1987 Minnesota Twins World Series Anniversary Profile: Frank Viola


With the celebration of the Minnesota Twins’ 1987 World Championship this weekend, it’s high time to profile the players, starting with the young ace lefty in the rotation

This weekend, the Minnesota Twins will be honoring the 1987 World Series championship team. As we get ready for that weekend, we at Puckett’s Pond want to highlight some of the best players and moments from that season.

We’ll start today with one of the best nicknames on the 1987 team, Frank “Sweet Music” Viola


Frank Viola was originally drafted by the Minnesota Twins in the 2nd round of the 1981 draft out of St. Johns University in New York. Viola went straight to AA Orlando in his draft season after signing and still threw 97 innings for Orlando with a 3.43 ERA.

Viola opened 1982 with the Twins’ AAA affiliate at the time in Toledo, but after just 8 starts there, he moved up to the big league club. He found sledding difficult in both 1982 and 1983 as he established himself with ERAs of 5.21 and 5.49 in his first two years with the big club.

In 1984, Viola led the Twins back to .500 as the team’s rotation leader, hurling his first of 5 250 innings seasons in his career. He posted a 3.21 ERA, 1.16 WHIP, and even finished 6th in the Cy Young Award voting.

From 1984-1988, Viola would be the anchor of the Twins rotation, winning 93 games over the 5 seasons, averaging 252 innings per season with a 3.46 ERA and 1.23 WHIP. His best season as a Twin was actually the year after the World Series, in 1988, when he went 24-7 with a 2.64 ERA and won the Cy Young Award.

1987 Performances

Viola was known in his career for being a guy who warmed up with the weather, getting better as the summer wore on, and that was seen in 1987, as he opened the year with an April and May that had him sitting with a 4.03 ERA, running a streak from April 23rd to June 6th where he allowed multiple runs in each start.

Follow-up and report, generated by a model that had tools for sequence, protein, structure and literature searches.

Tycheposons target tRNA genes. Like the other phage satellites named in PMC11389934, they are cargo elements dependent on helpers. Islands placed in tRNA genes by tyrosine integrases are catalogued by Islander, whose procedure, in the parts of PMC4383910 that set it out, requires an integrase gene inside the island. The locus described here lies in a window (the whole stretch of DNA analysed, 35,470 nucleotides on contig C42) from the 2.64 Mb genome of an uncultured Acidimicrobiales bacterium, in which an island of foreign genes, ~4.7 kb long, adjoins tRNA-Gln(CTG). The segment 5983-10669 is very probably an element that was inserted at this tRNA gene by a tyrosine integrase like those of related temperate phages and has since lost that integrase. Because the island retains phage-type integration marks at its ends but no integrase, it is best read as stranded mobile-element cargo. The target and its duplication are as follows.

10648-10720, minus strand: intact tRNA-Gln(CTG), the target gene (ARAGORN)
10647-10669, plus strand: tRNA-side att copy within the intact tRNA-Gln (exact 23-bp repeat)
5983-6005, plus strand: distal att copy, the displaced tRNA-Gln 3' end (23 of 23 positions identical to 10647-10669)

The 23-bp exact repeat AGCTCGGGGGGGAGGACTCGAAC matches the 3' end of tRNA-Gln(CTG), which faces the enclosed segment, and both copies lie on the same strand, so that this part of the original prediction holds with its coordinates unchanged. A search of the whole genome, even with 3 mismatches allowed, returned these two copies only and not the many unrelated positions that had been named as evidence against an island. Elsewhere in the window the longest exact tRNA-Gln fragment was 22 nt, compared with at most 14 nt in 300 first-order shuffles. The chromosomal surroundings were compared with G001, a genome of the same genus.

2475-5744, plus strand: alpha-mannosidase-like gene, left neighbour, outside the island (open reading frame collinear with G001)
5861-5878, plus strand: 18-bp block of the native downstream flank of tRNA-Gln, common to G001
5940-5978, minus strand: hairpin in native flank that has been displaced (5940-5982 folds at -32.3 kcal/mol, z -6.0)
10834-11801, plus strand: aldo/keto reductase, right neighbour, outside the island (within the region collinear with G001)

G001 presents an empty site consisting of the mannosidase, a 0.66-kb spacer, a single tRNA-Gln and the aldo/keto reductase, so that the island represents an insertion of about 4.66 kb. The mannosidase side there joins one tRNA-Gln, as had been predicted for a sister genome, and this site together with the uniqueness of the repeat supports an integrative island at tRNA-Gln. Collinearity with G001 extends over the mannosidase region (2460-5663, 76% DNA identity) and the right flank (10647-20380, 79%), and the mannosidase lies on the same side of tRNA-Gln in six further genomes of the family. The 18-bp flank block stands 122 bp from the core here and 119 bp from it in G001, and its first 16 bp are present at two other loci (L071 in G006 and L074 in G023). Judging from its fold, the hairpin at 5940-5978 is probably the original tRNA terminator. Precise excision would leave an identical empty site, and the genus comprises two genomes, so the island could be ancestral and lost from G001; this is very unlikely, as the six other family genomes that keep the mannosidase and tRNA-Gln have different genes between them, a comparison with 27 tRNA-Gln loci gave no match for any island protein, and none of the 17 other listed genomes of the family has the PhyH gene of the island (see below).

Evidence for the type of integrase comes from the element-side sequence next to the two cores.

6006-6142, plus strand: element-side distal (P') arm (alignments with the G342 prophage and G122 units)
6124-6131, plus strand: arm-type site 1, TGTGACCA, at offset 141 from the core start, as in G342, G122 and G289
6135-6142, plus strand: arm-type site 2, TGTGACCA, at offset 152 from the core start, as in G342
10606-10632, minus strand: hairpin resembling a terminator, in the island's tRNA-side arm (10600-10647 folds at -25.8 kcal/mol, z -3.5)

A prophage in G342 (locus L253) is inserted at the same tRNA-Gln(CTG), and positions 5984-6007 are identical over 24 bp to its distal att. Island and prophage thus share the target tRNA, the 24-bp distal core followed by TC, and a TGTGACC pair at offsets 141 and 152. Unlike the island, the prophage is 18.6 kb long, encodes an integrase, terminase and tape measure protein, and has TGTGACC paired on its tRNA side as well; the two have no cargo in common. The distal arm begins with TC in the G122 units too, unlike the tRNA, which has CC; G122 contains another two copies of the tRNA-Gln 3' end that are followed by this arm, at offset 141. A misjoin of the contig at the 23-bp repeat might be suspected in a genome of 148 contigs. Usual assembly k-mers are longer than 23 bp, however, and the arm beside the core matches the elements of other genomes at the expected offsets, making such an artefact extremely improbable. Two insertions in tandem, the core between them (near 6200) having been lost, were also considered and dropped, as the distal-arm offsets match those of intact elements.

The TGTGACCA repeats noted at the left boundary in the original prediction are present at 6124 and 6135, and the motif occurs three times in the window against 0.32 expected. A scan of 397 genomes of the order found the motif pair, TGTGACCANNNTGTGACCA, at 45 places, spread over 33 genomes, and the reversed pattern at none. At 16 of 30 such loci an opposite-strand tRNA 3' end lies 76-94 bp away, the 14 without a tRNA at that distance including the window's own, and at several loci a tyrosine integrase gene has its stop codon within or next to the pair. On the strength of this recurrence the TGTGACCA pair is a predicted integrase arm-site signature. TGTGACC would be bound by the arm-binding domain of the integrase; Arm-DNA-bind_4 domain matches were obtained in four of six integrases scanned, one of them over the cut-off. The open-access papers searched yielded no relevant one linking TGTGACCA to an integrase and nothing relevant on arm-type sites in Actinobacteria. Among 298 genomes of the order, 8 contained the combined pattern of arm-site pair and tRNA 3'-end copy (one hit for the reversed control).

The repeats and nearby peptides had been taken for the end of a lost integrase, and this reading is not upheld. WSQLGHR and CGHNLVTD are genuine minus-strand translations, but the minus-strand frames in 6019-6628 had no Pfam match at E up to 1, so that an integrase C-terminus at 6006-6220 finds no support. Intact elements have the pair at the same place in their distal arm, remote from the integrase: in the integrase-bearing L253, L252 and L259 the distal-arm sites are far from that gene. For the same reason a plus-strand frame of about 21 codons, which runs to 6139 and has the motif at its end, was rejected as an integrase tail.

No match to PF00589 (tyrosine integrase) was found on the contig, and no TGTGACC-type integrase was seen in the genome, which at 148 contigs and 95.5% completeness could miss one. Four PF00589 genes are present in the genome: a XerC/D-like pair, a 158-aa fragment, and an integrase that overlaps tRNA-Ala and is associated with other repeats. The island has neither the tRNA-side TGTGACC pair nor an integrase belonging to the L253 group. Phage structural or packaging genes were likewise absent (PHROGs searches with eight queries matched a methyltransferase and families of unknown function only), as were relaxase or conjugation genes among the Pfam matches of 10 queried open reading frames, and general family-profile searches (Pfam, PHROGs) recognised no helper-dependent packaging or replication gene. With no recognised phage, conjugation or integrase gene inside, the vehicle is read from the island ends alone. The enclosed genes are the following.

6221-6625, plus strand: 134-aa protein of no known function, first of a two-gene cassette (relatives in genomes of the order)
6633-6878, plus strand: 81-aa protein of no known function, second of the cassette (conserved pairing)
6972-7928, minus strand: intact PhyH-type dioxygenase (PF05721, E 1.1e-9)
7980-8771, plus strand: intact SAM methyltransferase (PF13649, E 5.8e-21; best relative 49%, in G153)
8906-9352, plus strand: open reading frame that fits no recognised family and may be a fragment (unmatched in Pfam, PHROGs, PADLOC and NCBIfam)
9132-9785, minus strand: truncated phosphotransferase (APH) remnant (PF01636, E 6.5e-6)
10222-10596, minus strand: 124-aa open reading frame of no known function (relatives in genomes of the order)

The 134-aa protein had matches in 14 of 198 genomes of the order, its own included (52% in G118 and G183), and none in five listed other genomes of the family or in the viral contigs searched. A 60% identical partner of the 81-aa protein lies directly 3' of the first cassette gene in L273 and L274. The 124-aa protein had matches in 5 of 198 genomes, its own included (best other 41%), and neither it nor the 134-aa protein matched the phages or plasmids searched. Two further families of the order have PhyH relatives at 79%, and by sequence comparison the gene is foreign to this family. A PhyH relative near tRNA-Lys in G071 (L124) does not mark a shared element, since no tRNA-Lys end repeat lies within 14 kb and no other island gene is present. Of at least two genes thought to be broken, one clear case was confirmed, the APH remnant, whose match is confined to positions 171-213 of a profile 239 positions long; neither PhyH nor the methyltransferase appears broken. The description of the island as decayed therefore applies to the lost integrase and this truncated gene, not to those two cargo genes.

However, true to form, Viola heated up by the end of June, and from June 26th through August 16th, he went at least 7 innings in every start as the Twins surged ahead in the middle of their season, with a 1.97 ERA over 87 innings in that span.

While Viola did not pitch at his peak in the playoffs, he kept the team in every game, and the Twins offense was able to pound out a victory in all but one of his starts, taking the ball in games 1, 4, and 7 of the World Series against the Cardinals.

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As happens with players, Viola got older and more expensive, and after the big 1988 season, the Twins chose to capitalize on his value in 1989 at the trade deadline, sending him to the New York Mets for a trade package that would eventually include Rick Aguilera, Tim Drummond, Kevin Tapani, David West, and Jack Savage. Aguilera, Tapani, and, to a lesser degree, West would go on to be part of the 1991 Twins championship team with Tapani and Aguilera in key roles in the pitching staff.

Viola had another 20-win season in 1990 with the Mets and was an All-Star with the team in 1990 and 1991, but after the 1991 season he signed with the Boston Red Sox, and his stuff was never quite the same quality in Boston. He pitched for a few more years, but the innings had taken a toll on his arm, and he was out of the major leagues after a few more teams and a few more seasons in 1996.

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Viola will definitely go down as one of the memorable Twins pitchers of all time, and he still ranks 5th among players in the Twins franchise (if you exclude the Senators) in wins, 5th in innings, and 5th in bWAR.